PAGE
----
Modeling and Analysis of Switched-Capacitor Converters as a Multi-port Network for Covert Communication

Yerzhan Mustafa, Selçuk Köse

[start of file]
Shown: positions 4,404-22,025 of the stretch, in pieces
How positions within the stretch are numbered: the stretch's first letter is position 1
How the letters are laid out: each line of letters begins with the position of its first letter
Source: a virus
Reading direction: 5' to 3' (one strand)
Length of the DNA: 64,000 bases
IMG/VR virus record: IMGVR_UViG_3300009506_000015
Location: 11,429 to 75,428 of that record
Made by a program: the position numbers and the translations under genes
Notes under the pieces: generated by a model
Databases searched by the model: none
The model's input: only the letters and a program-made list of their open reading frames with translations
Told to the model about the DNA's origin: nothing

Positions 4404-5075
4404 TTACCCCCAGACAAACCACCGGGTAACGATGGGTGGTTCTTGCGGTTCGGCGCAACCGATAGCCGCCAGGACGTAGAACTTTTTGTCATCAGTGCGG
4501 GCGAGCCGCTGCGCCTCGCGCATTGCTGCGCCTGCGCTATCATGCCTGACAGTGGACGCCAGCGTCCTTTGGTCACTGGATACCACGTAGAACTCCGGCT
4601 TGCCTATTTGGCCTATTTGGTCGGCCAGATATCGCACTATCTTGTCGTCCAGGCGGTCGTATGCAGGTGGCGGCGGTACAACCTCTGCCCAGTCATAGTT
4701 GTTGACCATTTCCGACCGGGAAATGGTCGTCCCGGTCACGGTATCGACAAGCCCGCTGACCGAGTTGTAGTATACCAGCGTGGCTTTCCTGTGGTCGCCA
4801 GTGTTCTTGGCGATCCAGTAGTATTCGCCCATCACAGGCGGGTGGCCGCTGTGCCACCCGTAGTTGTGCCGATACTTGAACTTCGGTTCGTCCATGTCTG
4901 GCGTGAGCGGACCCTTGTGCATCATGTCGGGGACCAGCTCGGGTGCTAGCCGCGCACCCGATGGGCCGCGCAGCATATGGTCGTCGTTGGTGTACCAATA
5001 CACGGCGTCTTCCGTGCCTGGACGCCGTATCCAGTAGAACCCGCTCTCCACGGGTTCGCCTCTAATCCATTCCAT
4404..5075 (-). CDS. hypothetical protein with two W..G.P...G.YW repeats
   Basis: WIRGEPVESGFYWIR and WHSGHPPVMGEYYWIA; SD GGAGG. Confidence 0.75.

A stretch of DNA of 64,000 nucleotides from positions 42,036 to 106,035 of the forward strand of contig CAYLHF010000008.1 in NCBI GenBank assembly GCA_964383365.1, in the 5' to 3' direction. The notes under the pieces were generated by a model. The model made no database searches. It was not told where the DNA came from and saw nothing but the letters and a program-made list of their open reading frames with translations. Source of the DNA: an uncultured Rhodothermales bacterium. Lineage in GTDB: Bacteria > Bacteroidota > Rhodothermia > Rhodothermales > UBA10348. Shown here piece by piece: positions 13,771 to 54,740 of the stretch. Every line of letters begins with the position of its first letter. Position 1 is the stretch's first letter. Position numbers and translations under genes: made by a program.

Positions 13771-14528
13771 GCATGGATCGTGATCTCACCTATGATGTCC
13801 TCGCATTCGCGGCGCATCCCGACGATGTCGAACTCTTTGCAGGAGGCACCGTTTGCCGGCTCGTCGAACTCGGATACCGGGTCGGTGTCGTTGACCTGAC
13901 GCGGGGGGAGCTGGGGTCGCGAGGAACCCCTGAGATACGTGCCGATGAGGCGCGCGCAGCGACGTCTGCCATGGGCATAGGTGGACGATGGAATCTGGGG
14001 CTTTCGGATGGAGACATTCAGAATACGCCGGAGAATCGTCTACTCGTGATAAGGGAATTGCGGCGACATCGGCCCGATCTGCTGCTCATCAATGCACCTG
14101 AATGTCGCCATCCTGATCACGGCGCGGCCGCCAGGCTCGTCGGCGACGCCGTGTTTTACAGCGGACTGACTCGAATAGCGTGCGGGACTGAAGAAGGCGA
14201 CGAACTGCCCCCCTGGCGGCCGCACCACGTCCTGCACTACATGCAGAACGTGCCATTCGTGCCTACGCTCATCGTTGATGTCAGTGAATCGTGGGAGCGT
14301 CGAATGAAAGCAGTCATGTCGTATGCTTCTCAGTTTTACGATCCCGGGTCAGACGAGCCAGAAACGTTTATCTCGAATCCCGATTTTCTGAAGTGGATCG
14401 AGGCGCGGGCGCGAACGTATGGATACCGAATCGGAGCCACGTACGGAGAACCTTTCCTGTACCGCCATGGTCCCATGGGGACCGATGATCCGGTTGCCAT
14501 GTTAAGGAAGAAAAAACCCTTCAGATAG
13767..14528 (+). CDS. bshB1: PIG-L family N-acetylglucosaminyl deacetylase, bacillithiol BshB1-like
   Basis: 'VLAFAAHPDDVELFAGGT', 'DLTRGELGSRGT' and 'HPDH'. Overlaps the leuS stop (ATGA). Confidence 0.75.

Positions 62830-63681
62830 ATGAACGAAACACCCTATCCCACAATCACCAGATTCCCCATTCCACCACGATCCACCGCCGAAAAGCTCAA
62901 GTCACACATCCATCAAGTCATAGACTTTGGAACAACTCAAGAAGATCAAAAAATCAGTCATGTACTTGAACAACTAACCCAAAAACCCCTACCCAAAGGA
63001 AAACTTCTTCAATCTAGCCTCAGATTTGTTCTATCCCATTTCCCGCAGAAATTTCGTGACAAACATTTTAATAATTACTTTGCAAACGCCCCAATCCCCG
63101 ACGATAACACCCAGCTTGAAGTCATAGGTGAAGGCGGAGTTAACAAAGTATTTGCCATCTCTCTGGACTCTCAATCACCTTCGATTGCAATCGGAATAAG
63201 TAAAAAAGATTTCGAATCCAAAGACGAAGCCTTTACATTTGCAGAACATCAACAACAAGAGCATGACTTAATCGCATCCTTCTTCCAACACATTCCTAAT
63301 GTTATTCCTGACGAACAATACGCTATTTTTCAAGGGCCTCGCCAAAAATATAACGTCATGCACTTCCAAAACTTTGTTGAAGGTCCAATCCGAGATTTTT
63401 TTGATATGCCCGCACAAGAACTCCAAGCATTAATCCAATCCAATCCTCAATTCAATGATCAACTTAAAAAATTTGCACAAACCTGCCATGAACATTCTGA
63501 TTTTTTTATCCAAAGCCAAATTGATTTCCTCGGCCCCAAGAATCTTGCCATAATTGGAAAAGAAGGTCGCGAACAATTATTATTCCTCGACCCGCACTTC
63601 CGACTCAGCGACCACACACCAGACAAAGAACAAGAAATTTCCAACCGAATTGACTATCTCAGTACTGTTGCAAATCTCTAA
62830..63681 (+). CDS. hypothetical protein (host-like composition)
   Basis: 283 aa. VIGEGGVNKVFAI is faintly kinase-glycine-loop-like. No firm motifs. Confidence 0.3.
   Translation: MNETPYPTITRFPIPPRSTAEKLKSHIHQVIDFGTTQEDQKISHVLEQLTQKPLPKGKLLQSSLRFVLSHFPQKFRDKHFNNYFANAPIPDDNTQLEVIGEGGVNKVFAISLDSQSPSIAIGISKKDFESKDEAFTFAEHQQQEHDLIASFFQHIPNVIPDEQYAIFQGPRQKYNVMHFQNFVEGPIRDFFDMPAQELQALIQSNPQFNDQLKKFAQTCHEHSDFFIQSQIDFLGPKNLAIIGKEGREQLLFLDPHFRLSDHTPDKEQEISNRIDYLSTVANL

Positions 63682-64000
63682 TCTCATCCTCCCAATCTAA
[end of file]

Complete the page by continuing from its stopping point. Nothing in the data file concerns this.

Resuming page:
Switched-capacitor (SC) DC-DC voltage converters are widely used in power delivery and management of modern integrated circuits. Connected to a common supply voltage, SC converters exhibit cross-regulation/coupling effects among loads connected to different SC converter stages due to the shared components such as switches, capacitors, and parasitic elements. The coupling effects between SC converter stages can potentially be used in covert communication, where two or more entities (e.g., loads) illegitimately establish a communication channel to exchange malicious information stealthily. To qualitatively analyze the coupling effects, a novel modeling technique is proposed based on the multi-port network theory. The fast and slow switching limit (FSL and SSL) equivalent resistance concepts are used to analytically determine the impact of each design parameter such as switch resistance, flying capacitance, switching frequency, and parasitic resistance. A three-stage 2:1 SC converter supplying three different loads is considered as a case study to verify the proposed modeling technique.

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